I’ve had the identity of myself as the curator, the writer, the wordsmith for a number of years now, but I’m starting to have radically new visions.
I’m seeing myself in the studio, drop cloths all about, messy overalls and a tank top on (I’m skinny and hot in my visions), working on some kind of sculpture. It’s big, and it’s sexy. Or walking just on the edge of the forest with a bucket full of stuff, some high quality shears, and pockets full of nuts, stones, knobby little branchlettes, asking me to take them home and give them new identities. And in these visions, I’m not the host, the mom making a craft activity for others, the curator appreciating the work of others –I’m the creative one. Visually creative.
How can this be? I have always been the most talkative person in the room- any and every room. This is the gift I have, language. Though I’ve appreciated art, dabbled as a crafts person, I’ve always found design and inspiration completely missing from my skillset. So these imaginings feel very audacious.
I’m not surprised then, to find myself deeply intrigued by a couple of local artists (Donna Dodson and Andy Moerlin). They have different styles, but between the two of them, they make big giant wood sculptures of animals to light on fire (I interpret as a tribute to impermanence), and giant realistic looking boulders made of styrofoam that are installed in trees so it looks like they were dropped there and are about to fall, or crazy giant things made of nothing but vines, branches, wire and paint that feel so alive that I swear I’ve seen them move. I don’t just admire these pieces, they have become what I see when I close my eyes, my day dream images. And they are bumping out the words that have usually been the gift brought to me in dreams.
Last weekend, we went to the Unifier festival, and there was a corner set up with yard waste, cut flowers, unbundled bales of hay, and buckets of dirt. Someone made a human sized bird nest. When I was little, I would sweep the pine needles into a series of nests and play the entire flock, bopping in and out of each of the little apartments. This nest was made of expertly woven branches with a soft hay filling. How is it that as an adult, I have forgotten to build nests? I kneeled in the nest as a joke for a photo, but was overcome by a sense of magic and wonder that left me giddy and speechless.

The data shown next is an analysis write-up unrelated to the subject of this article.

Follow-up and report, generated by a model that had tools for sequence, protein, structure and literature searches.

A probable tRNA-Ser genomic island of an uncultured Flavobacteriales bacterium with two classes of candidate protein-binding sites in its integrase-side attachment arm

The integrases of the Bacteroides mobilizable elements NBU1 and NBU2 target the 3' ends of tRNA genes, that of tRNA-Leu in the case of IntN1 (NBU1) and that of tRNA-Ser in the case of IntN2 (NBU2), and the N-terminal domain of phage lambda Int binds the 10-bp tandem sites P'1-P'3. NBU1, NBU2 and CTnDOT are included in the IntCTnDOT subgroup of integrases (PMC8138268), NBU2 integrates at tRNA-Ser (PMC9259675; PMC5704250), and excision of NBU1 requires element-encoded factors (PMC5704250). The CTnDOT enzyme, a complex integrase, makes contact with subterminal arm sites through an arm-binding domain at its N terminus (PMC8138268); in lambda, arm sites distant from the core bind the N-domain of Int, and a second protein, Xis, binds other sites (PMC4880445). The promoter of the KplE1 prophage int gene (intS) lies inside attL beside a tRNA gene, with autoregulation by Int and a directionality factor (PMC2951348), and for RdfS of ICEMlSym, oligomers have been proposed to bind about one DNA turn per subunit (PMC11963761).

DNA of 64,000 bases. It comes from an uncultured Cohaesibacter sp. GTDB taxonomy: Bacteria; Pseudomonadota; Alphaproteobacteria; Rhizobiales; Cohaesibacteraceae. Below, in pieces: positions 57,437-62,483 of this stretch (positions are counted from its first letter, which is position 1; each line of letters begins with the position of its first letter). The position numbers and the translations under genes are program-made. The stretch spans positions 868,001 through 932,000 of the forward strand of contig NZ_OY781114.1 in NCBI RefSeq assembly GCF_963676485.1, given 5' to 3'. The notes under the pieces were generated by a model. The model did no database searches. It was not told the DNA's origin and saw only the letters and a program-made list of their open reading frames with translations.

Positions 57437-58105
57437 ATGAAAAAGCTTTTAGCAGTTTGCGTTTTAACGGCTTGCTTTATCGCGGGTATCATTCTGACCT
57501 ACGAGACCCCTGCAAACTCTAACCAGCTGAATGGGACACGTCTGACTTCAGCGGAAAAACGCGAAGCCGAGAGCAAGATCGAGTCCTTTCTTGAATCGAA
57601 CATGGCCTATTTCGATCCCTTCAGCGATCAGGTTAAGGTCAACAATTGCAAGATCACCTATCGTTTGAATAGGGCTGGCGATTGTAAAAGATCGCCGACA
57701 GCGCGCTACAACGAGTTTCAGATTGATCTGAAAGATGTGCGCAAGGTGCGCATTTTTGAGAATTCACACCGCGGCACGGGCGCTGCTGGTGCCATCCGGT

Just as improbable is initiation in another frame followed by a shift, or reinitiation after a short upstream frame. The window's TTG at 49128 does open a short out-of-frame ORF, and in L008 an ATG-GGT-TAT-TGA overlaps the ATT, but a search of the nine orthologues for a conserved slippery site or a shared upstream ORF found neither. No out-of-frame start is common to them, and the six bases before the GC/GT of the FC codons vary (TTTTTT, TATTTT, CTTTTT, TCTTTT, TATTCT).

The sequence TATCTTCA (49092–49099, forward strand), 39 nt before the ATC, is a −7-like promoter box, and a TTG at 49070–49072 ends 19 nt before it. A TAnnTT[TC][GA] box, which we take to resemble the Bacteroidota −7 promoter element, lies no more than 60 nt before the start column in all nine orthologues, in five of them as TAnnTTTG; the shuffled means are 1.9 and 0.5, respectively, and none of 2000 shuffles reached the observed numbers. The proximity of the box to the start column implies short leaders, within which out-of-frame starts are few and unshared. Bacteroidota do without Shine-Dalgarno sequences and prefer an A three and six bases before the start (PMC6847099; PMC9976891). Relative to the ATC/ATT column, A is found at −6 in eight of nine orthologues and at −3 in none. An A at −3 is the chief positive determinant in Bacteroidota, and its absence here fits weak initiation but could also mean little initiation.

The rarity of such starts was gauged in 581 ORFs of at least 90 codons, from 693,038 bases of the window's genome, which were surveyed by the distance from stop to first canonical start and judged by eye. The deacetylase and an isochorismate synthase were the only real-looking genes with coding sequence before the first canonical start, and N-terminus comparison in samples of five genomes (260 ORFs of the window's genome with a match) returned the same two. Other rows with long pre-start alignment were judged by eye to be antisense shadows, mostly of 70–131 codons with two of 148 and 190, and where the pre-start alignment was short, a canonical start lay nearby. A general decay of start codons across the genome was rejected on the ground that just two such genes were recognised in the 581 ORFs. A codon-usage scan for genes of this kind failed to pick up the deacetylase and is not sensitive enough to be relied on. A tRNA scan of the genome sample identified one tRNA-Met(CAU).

So before I lose my words altogether (I’m sure they will come back eventually), let me make a bucket list of fantasy art I want to not just see, but actually have my hand at creating:
Scholar stones with those cool curvy wooden bases stained rich dark brown, all different sizes.
A giant styrofoam model (Andy Morlean style, maybe he will come teach me?) of an Easter Island head, tipped slightly and a little broken.
A mini fairy river bed lined with blue glass pebbles with a sweet little raft because some rafts are for crossing.
Cut log stools hand carved to custom fit the butt cheeks of my favorite people’s bottoms.
Painted doors, mail boxes and flower boxes at the base of trees that have those interesting little scars that look like doorways.
Hand crafted cement stepping stones molded from the giant leaves of a catalpa tree.
Little hand carved faces made from the outer casings of the walnut tree made while they are still green and easy to carve, but them dropped back where I found them so they look like it happened naturally
An archway made of branches made just like the one at Unifier (need to find her business card, that artist was awesome)
A patch of hand carved and painted mushrooms made of logs and bark.
A series of paintings or pebble mandalas made to match the shape of those patterns that form when you play certain tones on a metal plate covered with salt crystals. These have words.
A meditation path where the mission statement of the human awareness institute is carefully painted on every other stepping stone, so you can read while you wander.
A giant rubber bath tub stopper and chain at the end of the pond where it flows back to the brook
A series of faceless goddess figurines (perhaps made of Fimo) that are multiracial, all the same height, but varied by body type and “weight” to reflect that study they did about women’s body self perception
So many little things made of fresh cut grass, and photographed over time as the grass wilts then dries to brown
A big fire circle with stones and cut log benches, with a little fire circle and comfortable soft sand for seated meditation, and then a tiny little one for the fairies as well.
A “Poet Tree” with hand written poems on tree cookies, this time properly sealed to the weather so the words don’t fade so quickly
Little signs hung about along the forest path with quotes by religious figures (Jesus, the Buddha, his holiness, the DL, Rumi, Hafiz, etc.) interspersed with little white boards or slates so that the living gods and goddesses on the path can add their own quotes.
Photographs to keep a slightly more permanent record of those words written by said gods and goddesses.
A wailing wall and a little one for the fairies